The Colonial Transformation of Korean Society
The social strata of the Chosn Dynasty and the family system
were sustained by a highly stable environment composed, for the
most part, of rural communities. The Hermit Kingdom, as it was
called by Westerners, had very little contact with the outside
world even in the late nineteenth century. Rapid changes,
however, occurred during the Japanese colonial period, which
disrupted the centuries-old ways of life and caused considerable
These changes were particularly disruptive in rural areas.
Traditionally, all land belonged to the king and was granted by
him to his subjects. Although specific tracts of land tended to
remain within the same family from generation to generation
(including communal land owned by clans and lineages), land
occupancy, use, and ownership patterns were often ambiguous and
varied from one part of the country to another. Land was not
Between 1910 and 1920, the Japanese carried out a
comprehensive land survey in order to place land ownership on a
modern legal footing. Farmers who had tilled the same land for
generations but could not prove ownership had their land
confiscated. Such land ended up in the hands of the colonial
government, to be sold to Japanese enterprises such as the
Oriental Development Company or to Japanese immigrants.
These policies forced many Koreans to emigrate overseas or to
become tenant farmers. Still other Koreans fled to the hills to
become "fire field," or slash-and-burn, farmers, living under
extremely harsh and primitive conditions. By 1936 there were more
than 1.5 million slash-and-burn farmers. Other former farmers
moved to urban areas to work in factories.
The fortunes of the yangban elite were mixed. Some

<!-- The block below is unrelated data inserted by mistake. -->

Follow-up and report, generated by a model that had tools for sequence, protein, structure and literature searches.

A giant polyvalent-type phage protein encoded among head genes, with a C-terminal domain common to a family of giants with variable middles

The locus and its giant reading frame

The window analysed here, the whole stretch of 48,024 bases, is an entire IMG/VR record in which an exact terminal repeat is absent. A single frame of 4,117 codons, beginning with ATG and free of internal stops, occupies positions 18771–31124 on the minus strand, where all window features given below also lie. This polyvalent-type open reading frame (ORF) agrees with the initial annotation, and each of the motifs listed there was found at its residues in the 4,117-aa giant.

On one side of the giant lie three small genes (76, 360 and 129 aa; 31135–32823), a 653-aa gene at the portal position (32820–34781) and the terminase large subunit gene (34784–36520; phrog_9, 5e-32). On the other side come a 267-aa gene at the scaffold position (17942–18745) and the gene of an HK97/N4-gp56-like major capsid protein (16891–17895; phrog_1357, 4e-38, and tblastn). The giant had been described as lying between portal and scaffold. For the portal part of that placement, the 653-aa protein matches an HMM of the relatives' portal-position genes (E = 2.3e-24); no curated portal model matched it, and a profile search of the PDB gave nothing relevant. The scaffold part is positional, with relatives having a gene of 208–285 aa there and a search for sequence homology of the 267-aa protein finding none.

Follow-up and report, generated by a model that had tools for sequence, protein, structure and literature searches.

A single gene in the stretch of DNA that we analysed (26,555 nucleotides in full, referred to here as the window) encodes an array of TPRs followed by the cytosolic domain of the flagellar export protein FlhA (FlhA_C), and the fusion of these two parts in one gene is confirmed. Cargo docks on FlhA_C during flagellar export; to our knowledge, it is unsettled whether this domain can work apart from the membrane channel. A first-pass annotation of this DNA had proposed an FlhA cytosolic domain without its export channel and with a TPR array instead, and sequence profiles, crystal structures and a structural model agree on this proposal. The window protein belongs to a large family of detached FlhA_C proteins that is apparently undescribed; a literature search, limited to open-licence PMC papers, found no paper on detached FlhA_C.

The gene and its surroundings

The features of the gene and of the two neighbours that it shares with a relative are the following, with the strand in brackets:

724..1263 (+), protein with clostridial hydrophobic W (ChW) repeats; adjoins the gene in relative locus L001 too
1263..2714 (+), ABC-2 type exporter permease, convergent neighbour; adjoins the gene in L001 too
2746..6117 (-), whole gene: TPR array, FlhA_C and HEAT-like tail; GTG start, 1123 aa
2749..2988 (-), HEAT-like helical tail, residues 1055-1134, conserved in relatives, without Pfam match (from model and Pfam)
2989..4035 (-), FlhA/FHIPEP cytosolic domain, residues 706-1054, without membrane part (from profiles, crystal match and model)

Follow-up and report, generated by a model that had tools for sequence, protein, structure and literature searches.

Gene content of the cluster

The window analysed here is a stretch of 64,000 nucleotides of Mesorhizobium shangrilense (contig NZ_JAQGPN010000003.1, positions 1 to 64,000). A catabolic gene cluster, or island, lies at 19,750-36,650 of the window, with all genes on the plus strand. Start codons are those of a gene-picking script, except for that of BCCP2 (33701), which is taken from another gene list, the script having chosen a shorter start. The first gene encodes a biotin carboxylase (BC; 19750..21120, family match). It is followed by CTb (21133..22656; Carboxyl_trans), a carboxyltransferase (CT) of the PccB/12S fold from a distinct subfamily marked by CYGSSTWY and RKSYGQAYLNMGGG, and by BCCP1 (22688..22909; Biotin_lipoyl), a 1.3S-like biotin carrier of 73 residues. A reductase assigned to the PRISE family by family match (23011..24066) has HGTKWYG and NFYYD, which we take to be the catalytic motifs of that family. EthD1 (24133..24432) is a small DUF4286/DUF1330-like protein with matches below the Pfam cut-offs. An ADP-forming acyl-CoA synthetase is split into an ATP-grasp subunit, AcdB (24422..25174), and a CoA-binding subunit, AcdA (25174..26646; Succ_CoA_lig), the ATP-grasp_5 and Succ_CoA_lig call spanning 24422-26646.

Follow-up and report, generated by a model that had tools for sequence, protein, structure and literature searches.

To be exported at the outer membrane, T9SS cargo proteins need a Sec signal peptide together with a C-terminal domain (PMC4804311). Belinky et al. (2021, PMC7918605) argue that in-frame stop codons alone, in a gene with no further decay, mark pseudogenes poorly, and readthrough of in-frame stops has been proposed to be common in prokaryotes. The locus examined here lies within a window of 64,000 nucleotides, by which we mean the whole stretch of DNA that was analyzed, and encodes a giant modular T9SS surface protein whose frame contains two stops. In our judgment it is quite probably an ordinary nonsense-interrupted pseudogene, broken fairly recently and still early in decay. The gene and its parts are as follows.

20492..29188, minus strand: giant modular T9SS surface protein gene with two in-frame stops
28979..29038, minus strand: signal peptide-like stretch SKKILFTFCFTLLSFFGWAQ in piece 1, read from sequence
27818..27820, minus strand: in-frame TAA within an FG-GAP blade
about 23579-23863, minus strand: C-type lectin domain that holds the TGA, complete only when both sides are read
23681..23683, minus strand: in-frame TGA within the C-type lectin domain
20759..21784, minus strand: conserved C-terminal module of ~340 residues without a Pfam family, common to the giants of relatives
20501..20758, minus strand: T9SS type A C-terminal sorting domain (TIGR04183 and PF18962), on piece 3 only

prospered under the Japanese as landlords or even entrepreneurs.
Those yangban who remained aloof from their country's new
overlords, however, often fell into poverty. A few Koreans
educated in modern Japanese or foreign missionary schools formed
the nucleus of a modern middle class.
The Japanese built railroads and highways--a logistic system-
-and schools and hospitals. A modern system of administration was
established to link the colonial economy more effectively with
that of Japan. These changes also fostered employment for Koreans
as mid- and lower-level civil servants and technicians. During
the 1930s and early 1940s, industrial development projects,
especially in the border area between Korea and China, employed
thousands of Koreans as workers and lower level industrial
managers. All the top posts were held by Japanese; prewar and
wartime industrialization nevertheless created new classes of
workers and managers.
At the end of World War II, Korea's traditional social
fabric, based on rural communities and stable social hierarchies,
was tattered but not entirely destroyed. In South Korea, the
traditional social system survived, although drastically altered
by urbanization and economic development. In North Korea, an
occupation by Soviet troops, the communist revolution, and the
rule of Kim Il Sung, transformed the society.
Data as of June 1993